US Environmental Protection Agency
Sustainability, Older people, Neighborhood development, Walking
This project will help demonstrate how sustainable ("green") streets contribute to the well-being of a community, including the physical and mental health of older and younger adults, along with the environment and economy. The project will collect data in Portland, OR neighborhoods to answer the following research questions: Are residents living near sustainable streets more physically active in their neighborhood? Do residents living near sustainable streets interact with neighbors more and demonstrate higher levels of neighborhood social capital? What are residents’ opinions of sustainable streets? Are there variations in responses to sustainable streets by age or other demographics? In particular, how to older adults differ from younger adults? Does the implementation process and design affect green street outcomes? Do sustainable streets affect home values? How do green streets affect stormwater flows, urban heat island, and carbon sequestration in Portland neighborhoods? The project includes a survey of residents in two neighborhoods with green street features and two control neighborhoods; an environmental assessment of the green street treatments; and an analysis of housing values using a hedonic modeling approach. The project will be guided by an Advisory council of members of various stakeholder organizations and representing different types of expertise. Members will include representatives of the city of Portland’s Bureau of the Environmental Services and Office of Transportation, Multnomah County Aging and Disability Services (the local area agency on aging), Elders in Action, (a statewide advocacy group for elders), AARP Oregon, and the neighborhood associations of the four study neighborhoods.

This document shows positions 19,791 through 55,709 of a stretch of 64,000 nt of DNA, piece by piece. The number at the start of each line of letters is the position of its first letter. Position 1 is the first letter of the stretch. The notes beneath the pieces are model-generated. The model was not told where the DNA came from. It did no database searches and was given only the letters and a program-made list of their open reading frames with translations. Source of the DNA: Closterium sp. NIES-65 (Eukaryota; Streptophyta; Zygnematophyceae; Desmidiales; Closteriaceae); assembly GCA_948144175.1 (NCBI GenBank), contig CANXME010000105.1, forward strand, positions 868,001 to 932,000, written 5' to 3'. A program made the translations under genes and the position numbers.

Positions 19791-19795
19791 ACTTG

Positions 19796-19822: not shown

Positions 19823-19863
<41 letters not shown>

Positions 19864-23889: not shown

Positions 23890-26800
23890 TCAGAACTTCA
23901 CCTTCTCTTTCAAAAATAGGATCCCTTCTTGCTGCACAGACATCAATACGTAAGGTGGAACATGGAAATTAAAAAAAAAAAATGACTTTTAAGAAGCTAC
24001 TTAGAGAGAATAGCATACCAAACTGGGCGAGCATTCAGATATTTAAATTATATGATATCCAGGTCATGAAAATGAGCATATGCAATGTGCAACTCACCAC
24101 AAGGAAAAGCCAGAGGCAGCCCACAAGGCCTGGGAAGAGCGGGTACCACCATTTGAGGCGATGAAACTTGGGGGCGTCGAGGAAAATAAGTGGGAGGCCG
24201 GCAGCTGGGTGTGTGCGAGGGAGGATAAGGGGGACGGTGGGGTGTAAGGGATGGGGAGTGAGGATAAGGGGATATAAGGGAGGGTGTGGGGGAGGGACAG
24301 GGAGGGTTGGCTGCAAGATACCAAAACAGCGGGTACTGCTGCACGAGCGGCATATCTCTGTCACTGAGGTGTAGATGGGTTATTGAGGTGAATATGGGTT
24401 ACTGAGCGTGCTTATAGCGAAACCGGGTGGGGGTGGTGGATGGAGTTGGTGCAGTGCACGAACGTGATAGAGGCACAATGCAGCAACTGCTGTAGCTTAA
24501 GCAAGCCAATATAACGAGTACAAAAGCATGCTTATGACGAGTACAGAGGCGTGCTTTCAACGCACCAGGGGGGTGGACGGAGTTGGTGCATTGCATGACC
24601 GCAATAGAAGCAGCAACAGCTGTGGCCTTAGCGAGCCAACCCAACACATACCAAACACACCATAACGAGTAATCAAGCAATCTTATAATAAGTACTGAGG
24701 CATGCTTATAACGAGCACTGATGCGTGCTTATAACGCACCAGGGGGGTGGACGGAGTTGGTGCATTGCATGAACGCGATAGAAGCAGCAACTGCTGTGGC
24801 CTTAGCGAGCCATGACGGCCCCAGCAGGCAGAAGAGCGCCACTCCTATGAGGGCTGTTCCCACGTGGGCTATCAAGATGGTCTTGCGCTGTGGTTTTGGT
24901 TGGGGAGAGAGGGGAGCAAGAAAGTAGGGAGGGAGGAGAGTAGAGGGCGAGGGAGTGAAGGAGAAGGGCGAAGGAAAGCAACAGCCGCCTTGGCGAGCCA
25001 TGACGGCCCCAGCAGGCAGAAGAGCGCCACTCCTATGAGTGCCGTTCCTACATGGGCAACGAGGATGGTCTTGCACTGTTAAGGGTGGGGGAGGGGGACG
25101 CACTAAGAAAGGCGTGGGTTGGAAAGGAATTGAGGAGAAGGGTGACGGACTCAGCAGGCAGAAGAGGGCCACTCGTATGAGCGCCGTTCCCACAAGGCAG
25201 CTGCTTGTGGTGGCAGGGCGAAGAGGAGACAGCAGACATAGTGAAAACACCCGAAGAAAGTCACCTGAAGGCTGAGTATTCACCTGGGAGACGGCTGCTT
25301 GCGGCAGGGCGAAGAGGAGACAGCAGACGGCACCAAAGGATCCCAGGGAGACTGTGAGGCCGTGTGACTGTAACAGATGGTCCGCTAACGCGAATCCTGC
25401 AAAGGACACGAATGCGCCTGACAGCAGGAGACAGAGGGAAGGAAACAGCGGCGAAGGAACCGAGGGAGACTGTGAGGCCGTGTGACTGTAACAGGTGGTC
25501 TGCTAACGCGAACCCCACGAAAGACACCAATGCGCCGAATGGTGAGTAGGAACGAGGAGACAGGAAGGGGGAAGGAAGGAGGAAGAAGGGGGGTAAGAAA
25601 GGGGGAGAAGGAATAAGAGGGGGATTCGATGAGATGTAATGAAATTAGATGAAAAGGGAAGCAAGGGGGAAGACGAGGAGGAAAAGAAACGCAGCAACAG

Dill, Jennifer; Neal, Margaret B.; Shandas, Vivek; Luhr, Gretchen; Adkins, Arlie Steven; and Lund, Darin, "Demonstrating the Benefits of Green Streets for Active Aging: Initial Findings" (2010). Urban Studies and Planning Faculty Publications and Presentations. 110.